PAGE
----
Madigan kicks off whirlwind

Madigan kicks off whirlwind

Illinois politicians, mostly Democrats, are scrambling for a chance to get to succeed Attorney General Lisa Madigan.

Attorney General Madigan's recent announcement that she's decided — after four terms and 16 years — to step down from public office shook up the political status quo in Illinois.

But the ground-shaking disclosure was not so overwhelming that stunned-but-ambitious politicians, particularly in Madigan's Democratic Party, didn't almost immediately start planning their efforts to succeed her.

On Tuesday, state Rep. Scott Drury announced that he's dropping his longshot campaign for the Democratic Party's gubernatorial nomination to seek its nomination to succeed Madigan.

"The time has come to clean up Illinois," said Drury, a Democrat from Highwood. "For too long, Illinois has been defined by corruption and self-dealing. We are going to restore people's trust in government by showing that no one is above the law and making sure that every Illinois citizen is treated fairly."

Drury, a former federal prosecutor, has made a name for himself during his brief tenure in the Illinois House as the sole Democrat to stand up against House Speaker Michael Madigan's one-man rule of that chamber. For that, he has been ostracized by Madigan and his henchmen but certainly not silenced.

It remains to be seen if Drury can put together a credible campaign to win his party's nomination. But let there be no doubt, he is a credible candidate for this important office.

Despite his being persona-non-grata with Madigan's countless supplicants, Drury's anti-corruption, anti-Speaker Madigan message will resonate with thousands of Democrats and Republicans across Illinois' 102 counties.

While Drury is the only Democrat who's officially in the AG's race, others are circling — not all of them welcome.

Chicago Alderman Ed Burke reportedly is sending the word out that he's pushing one of his two lawyer daughters to succeed Madigan. Why not? Aren't important statewide offices in Illinois intended to be parceled out by a loving father to a dutifully ambitious daughter?

That was, after all, the way Lisa Madigan got elected many years ago. Dadigan forced her on the Democratic Party as its candidate for attorney general and then moved heaven and earth to get her elected in a close race with Republican Joseph Birkett, then the state's attorney of DuPage County and now an appellate court justice.

Lisa Madigan, despite her relative lack of experience, turned out to be a competent and conscientious attorney general. But voters are pushing their luck by relying on powerful fathers to pick their public officials.

Whatever the Burkes ultimately decide to do, there will be a contested Democratic Party primary.

State Sen. Kwame Raoul, another Chicago Democrat, announced Wednesday that he's running for attorney general — even though a day earlier, he showed why he lacks the proper temperament to do the job.

Speaking on a Chicago radio program, he got into a verbal argument with show co-host Maze Jackson about not answering a question Raoul was asked.

Maze: OK, answer the question, just go ahead.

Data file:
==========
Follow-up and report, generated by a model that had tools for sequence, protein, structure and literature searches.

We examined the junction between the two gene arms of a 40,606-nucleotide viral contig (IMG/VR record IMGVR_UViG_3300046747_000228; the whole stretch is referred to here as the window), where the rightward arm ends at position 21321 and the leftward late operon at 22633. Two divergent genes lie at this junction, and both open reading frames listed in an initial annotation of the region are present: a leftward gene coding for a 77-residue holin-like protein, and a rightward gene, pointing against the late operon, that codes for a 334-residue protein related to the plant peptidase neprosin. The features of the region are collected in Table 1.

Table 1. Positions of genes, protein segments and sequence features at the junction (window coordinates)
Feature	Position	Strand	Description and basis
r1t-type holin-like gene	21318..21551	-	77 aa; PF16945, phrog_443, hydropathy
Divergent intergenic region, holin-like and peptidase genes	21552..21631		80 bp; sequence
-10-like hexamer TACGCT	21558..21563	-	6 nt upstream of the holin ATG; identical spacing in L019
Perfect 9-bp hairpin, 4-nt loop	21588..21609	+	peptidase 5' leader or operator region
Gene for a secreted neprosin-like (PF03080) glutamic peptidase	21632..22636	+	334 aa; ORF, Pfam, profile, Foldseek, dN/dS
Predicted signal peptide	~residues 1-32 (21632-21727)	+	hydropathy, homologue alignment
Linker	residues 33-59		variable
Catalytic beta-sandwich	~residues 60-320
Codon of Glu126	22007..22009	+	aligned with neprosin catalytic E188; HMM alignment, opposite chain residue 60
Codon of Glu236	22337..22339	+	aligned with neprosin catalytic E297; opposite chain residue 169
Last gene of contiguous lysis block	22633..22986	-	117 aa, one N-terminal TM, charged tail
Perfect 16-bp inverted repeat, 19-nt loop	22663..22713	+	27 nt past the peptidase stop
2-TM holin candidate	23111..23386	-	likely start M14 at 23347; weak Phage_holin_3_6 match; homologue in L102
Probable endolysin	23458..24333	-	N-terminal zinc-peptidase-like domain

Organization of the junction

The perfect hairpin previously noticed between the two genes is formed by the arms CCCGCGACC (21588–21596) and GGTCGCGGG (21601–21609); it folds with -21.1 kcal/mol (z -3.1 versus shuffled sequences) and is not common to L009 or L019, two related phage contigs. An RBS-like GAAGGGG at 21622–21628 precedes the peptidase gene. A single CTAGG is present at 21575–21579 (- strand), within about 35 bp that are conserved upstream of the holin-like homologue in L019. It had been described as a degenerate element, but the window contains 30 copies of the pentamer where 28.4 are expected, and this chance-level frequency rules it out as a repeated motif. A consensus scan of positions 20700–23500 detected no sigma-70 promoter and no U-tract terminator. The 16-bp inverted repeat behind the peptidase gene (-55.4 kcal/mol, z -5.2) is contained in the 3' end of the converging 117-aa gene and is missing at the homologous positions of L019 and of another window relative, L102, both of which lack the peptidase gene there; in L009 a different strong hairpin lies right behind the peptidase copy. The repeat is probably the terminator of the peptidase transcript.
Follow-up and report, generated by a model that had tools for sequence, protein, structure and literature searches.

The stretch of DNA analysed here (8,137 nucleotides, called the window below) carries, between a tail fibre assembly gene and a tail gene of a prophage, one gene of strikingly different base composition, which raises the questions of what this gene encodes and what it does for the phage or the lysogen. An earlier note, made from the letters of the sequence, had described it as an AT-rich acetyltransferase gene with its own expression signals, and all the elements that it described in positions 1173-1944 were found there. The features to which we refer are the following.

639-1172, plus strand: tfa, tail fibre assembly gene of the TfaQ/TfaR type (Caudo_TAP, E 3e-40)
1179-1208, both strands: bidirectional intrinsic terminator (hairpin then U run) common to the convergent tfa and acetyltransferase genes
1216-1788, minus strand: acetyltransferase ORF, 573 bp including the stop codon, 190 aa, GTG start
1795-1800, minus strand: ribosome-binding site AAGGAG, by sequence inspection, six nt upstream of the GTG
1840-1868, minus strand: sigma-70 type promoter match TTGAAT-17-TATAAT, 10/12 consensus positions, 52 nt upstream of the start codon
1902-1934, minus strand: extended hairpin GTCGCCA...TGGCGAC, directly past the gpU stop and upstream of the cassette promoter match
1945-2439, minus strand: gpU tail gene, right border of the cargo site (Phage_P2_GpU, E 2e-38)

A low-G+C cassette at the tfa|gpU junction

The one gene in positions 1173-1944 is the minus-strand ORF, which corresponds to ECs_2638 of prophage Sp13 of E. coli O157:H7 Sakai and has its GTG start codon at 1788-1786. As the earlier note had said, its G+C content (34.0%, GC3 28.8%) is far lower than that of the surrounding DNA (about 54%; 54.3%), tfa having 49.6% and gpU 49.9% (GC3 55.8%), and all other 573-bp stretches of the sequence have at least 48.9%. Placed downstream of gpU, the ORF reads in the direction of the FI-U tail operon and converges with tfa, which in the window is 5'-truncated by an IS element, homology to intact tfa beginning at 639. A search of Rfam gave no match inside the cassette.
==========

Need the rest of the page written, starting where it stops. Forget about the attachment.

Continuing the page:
Raoul: You're not gonna tell me. All right. If you interrupt me, I'm gonna check you on it.

Maze: You'll never check me, brother.

Raoul: I just did.

Maze: You've never checked me.

Raoul: I just did.

Maze: Go ahead. (Cross talk.)

Raoul: If you want to have that type of conversation, Maze, there's another place where we can have that type of conversation.

Maze: Are you committing assault as the attorney general? That's not a good idea.

Then there's retiring state Rep. Elaine Nekritz, one of the more capable members of the Illinois House who decided not to run for re-election.

Nekritz said she's giving an AG run "serious thought and making dozens and dozens of phone calls to try to gauge if this is the move I want to make."

It's hard to imagine party bosses backing Nekritz, a reform-minded liberal, for the nomination. It's impossible to imagine them backing Drury, who's made it clear that it's past time for Madigan, who is both state party chairman and House speaker, to go.

The public will know who meets insiders' expectations in a couple weeks when Cook County Democratic Party Chairman Joseph Berrios convenes party ward heelers to consider whom to endorse in Lisa Madigan's absence.

Two other big names have been mentioned — Cook County State's Attorney Kim Foxx and former state Comptroller Dan Hynes. They've both said they're not interested, but others on the Democratic side surely are doing their due diligence.

That, in fact, is where most of the action is because Illinois is an overwhelmingly Democratic state.

On the GOP side, Urbana native and lawyer Erika Harold is the only announced candidate. If other Republicans are considering entering the primary against her, they're keeping quiet.

State Rep. Jim Durkin, the House Republican leader, was the subject of speculation about running. But Durkin on Tuesday endorsed Harold.Attorney General Madigan's late announcement didn't leave her fellow party members much time to get their ducks in order to make a race. But pent-up Democratic ambitions guarantee an interesting scramble of candidates hoping to succeed her.

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